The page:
Lough Eske Castle Hotel

Perhaps the highlight of driving the Wild Atlantic Way in Donegal is the sea cliffs. While the Cliffs of Moher are more famous, they are the little brother to the Slieve League cliffs. At over 1,900 feet, Slieve League is more than three times as high as the Cliffs of Moher. Because they are less frequented than their more famous neighbors to the south, you can visit the Slieve League cliffs and have them to yourself. Given Ireland’s notoriously unpredictable and frequently overcast weather, we were blessed to visit Slieve League on a perfectly beautiful sunny day with no wind whatsoever!

The sea cliffs of Slieve League, just a short detour off The Wild Atlantic Way.  These are the highest sea cliffs in Ireland and a stunning sight!

The sea cliffs of Slieve League

The hill overlooking Bunbeg harbor.

Bunbeg harbor

The Carrowmore Tombs in Sligo are located just off The Wild Atlantic Way.

The Carrowmore Tombs in Sligo

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What do you think about Road Tripping on Ireland’s Wild Atlantic Way?

  1. Juno July 7, 2014 at 3:37 am #

    Heading to Ireland for the first time later this year! 🙂 Can’t wait! Looks beautiful!

    • Laura Longwell July 10, 2014 at 12:42 am #

      Ireland and Northern Ireland are both such great places to visit, and the landscapes are very distinctive. I’m sure it will be a field day for your photography.

  2. Diana Edelman July 7, 2014 at 3:57 am #

    I keep saying the next adventure I go on is a massive road trip in Europe. This looks absolutely amazing!

  3. Ayngelina July 7, 2014 at 12:44 pm #

    Now those are some gorgeous views.

  4. Alex July 8, 2014 at 5:37 am #

    Beautiful photos! Still bummed I missed TBEX Ireland last year, would have been a great excuse to explore.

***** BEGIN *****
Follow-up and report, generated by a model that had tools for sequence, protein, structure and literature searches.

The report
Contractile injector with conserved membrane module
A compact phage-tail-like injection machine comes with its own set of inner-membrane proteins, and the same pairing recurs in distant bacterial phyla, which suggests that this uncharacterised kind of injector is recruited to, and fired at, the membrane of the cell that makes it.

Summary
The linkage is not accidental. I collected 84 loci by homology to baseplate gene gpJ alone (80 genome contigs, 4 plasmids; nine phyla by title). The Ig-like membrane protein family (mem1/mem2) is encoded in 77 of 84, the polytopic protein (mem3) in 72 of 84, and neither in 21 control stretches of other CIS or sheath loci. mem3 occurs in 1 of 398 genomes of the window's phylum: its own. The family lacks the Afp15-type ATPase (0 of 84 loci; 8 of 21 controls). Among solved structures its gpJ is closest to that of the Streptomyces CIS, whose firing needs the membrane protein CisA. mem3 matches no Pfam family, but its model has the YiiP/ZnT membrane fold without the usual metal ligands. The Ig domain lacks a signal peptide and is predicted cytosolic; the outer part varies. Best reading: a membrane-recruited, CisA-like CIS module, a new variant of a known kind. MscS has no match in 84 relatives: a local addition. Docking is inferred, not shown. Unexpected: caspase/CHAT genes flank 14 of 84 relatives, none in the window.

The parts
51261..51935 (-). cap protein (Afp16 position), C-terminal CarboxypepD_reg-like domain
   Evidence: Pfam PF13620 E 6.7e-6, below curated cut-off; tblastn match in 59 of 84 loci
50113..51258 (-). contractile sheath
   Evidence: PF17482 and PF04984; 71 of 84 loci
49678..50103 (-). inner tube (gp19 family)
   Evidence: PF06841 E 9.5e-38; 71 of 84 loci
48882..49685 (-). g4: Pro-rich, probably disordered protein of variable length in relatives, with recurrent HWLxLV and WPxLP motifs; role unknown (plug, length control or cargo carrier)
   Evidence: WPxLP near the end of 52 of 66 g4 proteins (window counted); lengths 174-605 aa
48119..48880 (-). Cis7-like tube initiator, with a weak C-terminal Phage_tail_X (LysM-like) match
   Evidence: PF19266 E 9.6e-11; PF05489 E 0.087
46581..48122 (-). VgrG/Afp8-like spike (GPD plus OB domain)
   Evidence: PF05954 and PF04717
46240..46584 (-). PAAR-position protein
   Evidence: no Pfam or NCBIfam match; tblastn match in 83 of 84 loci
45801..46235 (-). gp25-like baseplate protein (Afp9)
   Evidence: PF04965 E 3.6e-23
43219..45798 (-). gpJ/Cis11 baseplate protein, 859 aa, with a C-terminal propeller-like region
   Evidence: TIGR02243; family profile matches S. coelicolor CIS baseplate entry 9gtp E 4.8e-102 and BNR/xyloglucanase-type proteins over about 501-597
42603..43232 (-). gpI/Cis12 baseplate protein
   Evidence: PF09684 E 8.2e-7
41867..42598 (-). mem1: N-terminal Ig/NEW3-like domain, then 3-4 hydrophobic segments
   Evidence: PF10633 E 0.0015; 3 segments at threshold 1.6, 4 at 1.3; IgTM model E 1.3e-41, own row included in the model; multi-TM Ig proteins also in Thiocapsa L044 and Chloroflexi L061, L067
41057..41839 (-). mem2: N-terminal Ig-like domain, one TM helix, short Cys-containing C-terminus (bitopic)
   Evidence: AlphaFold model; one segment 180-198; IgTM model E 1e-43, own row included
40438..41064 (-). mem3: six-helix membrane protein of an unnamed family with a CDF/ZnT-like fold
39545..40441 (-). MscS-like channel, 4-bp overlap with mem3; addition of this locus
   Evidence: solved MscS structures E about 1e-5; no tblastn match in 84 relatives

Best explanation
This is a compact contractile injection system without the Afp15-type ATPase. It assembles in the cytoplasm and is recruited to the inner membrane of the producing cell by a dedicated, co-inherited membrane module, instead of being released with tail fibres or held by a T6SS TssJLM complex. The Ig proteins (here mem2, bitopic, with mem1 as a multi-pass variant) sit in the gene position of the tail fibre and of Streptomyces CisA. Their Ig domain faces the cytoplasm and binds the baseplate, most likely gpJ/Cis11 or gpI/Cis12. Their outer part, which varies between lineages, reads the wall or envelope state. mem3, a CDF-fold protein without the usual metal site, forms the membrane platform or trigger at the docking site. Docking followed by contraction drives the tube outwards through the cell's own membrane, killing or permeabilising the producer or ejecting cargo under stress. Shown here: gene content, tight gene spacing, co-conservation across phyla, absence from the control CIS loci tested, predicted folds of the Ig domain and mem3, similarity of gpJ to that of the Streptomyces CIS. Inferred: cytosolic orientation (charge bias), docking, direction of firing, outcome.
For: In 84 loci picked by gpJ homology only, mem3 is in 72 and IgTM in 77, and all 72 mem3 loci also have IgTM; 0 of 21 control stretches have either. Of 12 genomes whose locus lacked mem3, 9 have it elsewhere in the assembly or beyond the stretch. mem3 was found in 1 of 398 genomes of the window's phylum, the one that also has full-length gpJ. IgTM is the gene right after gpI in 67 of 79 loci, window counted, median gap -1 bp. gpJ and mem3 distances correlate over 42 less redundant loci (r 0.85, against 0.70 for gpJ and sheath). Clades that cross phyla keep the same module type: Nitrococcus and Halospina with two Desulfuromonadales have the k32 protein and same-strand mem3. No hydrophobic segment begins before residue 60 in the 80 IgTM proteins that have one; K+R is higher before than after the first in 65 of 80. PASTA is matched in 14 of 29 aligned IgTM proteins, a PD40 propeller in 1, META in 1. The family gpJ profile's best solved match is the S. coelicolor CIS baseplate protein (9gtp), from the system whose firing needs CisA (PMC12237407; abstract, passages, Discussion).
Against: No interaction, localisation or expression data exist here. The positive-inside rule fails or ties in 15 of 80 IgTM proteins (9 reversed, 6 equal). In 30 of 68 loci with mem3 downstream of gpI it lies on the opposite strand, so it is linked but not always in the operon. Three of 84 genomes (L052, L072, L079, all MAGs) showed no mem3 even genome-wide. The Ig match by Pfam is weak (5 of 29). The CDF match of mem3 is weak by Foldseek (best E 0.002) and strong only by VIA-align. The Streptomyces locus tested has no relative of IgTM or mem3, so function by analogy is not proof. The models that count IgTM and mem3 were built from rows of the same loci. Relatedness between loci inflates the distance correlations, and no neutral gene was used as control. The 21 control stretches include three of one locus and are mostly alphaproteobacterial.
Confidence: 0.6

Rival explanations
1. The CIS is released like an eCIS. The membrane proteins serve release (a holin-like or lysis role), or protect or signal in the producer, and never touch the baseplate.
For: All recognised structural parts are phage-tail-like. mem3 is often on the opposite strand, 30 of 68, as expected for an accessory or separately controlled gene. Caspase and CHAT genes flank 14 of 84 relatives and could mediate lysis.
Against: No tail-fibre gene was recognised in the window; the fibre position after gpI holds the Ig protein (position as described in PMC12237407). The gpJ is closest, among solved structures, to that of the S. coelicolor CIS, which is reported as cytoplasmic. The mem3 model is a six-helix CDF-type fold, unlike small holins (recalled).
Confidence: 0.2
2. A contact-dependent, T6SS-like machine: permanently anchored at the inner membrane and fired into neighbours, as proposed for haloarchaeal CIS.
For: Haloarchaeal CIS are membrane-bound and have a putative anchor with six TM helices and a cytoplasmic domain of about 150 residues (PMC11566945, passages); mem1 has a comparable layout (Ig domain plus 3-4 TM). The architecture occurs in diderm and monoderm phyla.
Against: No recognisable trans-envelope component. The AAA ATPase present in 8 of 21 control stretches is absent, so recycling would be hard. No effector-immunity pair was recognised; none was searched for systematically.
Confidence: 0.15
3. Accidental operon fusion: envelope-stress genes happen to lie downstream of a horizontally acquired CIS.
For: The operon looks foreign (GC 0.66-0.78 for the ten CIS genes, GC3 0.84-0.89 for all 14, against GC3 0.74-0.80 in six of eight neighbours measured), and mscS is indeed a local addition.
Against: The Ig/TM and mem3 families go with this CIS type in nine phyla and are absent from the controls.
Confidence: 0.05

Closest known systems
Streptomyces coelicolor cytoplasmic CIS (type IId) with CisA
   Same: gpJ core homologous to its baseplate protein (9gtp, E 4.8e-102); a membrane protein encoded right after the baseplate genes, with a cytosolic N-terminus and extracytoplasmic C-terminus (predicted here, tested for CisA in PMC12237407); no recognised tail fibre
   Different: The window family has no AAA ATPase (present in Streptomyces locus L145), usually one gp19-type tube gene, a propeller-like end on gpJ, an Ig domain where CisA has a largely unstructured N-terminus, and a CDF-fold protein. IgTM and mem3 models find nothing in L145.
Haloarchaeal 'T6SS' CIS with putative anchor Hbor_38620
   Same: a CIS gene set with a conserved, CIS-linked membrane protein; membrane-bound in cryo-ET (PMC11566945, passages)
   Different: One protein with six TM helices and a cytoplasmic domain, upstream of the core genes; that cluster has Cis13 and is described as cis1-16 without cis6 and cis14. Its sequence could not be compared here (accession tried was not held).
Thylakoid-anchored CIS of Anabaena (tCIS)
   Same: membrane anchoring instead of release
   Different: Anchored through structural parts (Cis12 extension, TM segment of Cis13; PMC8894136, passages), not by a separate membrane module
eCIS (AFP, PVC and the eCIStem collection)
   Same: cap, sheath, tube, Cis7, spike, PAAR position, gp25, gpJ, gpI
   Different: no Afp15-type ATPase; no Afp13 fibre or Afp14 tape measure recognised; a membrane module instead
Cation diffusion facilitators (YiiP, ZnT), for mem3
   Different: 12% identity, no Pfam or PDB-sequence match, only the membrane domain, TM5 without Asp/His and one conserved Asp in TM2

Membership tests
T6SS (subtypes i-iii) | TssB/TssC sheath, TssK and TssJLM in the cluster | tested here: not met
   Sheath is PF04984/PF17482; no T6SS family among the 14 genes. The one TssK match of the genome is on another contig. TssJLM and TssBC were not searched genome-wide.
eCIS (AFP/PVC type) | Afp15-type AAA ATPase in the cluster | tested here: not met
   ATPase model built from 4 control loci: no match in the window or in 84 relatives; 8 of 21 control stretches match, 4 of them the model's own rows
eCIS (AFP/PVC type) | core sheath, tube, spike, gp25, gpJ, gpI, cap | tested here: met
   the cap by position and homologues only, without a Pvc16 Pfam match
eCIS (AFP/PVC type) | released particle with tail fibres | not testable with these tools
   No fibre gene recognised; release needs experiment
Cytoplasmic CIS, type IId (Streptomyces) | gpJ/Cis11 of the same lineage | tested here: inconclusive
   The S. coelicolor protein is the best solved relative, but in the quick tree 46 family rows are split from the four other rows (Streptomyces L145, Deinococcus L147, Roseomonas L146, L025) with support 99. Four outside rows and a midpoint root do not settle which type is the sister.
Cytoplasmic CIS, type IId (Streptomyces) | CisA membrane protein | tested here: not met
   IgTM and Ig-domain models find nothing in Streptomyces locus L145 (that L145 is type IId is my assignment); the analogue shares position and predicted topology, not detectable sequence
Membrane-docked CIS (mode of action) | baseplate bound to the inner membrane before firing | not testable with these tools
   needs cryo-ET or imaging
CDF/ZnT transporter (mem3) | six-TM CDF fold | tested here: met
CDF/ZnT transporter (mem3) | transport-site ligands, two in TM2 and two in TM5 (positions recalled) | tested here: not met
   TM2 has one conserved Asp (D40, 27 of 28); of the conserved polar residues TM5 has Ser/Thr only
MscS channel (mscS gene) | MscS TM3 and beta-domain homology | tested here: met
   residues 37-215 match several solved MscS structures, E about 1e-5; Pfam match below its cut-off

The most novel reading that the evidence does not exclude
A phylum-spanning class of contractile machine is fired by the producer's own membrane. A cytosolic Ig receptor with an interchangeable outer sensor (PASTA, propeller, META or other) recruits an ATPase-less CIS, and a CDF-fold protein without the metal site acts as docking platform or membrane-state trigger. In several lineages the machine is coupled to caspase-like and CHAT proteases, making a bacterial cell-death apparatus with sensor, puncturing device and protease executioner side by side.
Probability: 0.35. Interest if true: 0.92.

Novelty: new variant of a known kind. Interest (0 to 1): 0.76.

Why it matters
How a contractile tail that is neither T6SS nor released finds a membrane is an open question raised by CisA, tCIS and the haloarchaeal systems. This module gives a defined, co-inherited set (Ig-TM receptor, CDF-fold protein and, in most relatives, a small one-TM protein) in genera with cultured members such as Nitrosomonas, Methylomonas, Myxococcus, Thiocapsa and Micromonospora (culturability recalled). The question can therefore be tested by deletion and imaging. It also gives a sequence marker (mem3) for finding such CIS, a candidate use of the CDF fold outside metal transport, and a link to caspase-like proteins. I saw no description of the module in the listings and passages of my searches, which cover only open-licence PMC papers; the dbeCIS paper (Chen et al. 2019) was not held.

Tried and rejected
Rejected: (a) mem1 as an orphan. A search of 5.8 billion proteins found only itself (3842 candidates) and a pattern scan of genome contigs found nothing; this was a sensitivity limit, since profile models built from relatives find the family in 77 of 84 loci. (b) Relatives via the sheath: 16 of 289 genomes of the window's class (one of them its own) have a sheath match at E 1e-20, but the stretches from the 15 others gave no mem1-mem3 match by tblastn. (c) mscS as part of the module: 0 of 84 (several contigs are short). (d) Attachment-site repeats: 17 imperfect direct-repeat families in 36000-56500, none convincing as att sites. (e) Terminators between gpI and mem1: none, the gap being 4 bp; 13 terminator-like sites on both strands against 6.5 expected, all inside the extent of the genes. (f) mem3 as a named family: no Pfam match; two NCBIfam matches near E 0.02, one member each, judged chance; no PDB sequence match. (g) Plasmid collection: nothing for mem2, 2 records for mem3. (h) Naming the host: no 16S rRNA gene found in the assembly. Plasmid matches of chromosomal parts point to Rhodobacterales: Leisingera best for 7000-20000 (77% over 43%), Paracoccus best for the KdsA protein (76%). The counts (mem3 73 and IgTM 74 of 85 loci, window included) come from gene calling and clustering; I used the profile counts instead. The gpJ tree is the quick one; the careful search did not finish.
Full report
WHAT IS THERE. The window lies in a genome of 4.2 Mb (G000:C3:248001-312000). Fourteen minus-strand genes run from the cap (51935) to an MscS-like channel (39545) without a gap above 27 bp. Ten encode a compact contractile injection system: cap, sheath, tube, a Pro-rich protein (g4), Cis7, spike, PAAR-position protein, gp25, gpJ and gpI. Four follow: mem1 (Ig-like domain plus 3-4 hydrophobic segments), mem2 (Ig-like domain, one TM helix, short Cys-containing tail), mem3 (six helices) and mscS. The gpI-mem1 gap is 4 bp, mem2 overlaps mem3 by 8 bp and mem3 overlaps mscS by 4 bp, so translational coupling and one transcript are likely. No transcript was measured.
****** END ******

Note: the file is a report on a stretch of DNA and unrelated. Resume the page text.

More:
• Laura Longwell July 10, 2014 at 12:44 am #

      It was 😉

  5. Mindy & Ligeia July 8, 2014 at 8:33 pm #

    Gotta get back to Ireland! Those are some jaw-dropping views that we need experience for ourselves. It’s clear why so many Irish immigrants moved to Newfoundland, Canada – the scenery is really similar.

  6. Kenin Bassart September 4, 2014 at 11:28 am #

    Absolutely beautiful! This adds yet another place to my very lengthy road trip list 🙂

  7. Leyla September 4, 2014 at 5:18 pm #

    LOVE these photos! I’d heard of the Wild Atlantic Way – but now I really want to go. I only visited Ireland once, and that was just Dublin but I loved it so I’m ready to go again.

    • Laura Longwell September 4, 2014 at 11:05 pm #

      It’s a unique and beautiful area of the country. The photos don’t do it justice.

  8. Jennifer December 8, 2014 at 5:26 am #

    It looks like you had some seriously gorgeous weather in Ireland!

    • Laura Longwell December 8, 2014 at 10:59 pm #

      We did! We were really lucky. Our previous trip was full of wind, rain, and even a little bit of snow, so we were grateful.

  9. Marg Greenwood March 29, 2016 at 7:09 pm #

    Drove the Atlantic way last year. A great experience!! Stunning scenery.